GitHub Has Stored All its Open Source Software in the Arctic Permafrost

GitHub Piql website
Image Courtesy: GitHub

GitHub has archived its repository of open source software in a former coal mine in Norway’s Svalbard archipelago. The data is buried 250 meters deep in the permafrost of an Arctic mountain on the Norwegian island of Spitsbergen. The overall data is around 21TB, and is written to 186 modern movie-style film reels.

The Microsoft-owned software development and source-code management platform had originally announced plans to archive all of the open source code on its site at the Arctic World Archive last November. The operation is part of the GitHub Archive Program, which aims to preserve today’s open-source software for future generations.

The completion of the mission was announced this week by Julia Metcalf, the director of strategic programs at GitHub. According to her: “The code landed in Longyearbyen, a town of a few thousand people on Svalbard, where our boxes were met by a local logistics company and taken into intermediate secure storage overnight. The next morning, it traveled to the decommissioned coal mine set in the mountain, and then to a chamber deep inside hundreds of meters of permafrost, where the code now resides fulfilling their mission of preserving the world’s open-source code for over 1,000 years”.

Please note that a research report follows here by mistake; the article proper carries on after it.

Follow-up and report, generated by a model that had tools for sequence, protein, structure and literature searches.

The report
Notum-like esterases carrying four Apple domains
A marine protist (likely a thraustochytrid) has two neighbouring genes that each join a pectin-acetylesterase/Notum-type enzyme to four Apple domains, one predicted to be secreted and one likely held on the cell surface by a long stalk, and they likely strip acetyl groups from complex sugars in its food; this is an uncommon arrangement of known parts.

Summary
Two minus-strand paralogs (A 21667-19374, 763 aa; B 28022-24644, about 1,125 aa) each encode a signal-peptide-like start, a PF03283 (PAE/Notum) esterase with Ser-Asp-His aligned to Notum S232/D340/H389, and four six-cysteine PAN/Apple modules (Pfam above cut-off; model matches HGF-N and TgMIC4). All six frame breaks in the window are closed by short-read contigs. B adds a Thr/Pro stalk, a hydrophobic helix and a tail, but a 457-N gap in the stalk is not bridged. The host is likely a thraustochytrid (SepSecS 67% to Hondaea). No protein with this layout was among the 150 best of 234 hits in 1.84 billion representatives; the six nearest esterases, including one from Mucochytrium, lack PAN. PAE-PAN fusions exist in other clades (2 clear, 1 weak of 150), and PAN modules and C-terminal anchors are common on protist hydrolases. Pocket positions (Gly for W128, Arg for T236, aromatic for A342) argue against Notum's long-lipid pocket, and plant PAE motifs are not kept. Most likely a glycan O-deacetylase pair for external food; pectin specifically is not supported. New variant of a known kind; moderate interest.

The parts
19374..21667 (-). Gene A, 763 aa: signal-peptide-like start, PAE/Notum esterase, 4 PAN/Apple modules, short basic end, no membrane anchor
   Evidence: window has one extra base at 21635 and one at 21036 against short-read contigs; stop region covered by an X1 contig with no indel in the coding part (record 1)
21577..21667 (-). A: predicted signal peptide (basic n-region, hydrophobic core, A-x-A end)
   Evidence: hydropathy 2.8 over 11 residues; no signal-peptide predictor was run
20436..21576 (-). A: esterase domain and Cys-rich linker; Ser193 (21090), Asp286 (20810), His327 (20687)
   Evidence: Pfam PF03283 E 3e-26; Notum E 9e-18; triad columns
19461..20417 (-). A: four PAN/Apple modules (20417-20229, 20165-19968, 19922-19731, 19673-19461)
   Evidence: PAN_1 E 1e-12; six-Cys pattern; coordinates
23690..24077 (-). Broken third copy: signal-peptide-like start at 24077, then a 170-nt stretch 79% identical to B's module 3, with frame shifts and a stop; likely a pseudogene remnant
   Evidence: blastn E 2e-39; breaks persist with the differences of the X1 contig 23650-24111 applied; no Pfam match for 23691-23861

As for the storage medium, Piql claims that the film has a lifespan of more than five hundred years. It is a “photo-sensitive, chemically stable and secure medium with proven longevity of hundreds of years”, the company said. Piql further said that the data is stored offline for reasons of security. It will not be affected in case of an electricity shortage or if exposed to electromagnetic pulses. To protect against digital obsolescence, the film reels also come with instructions explaining how to retrieve the information.

Featured Image Courtesy: GitHub

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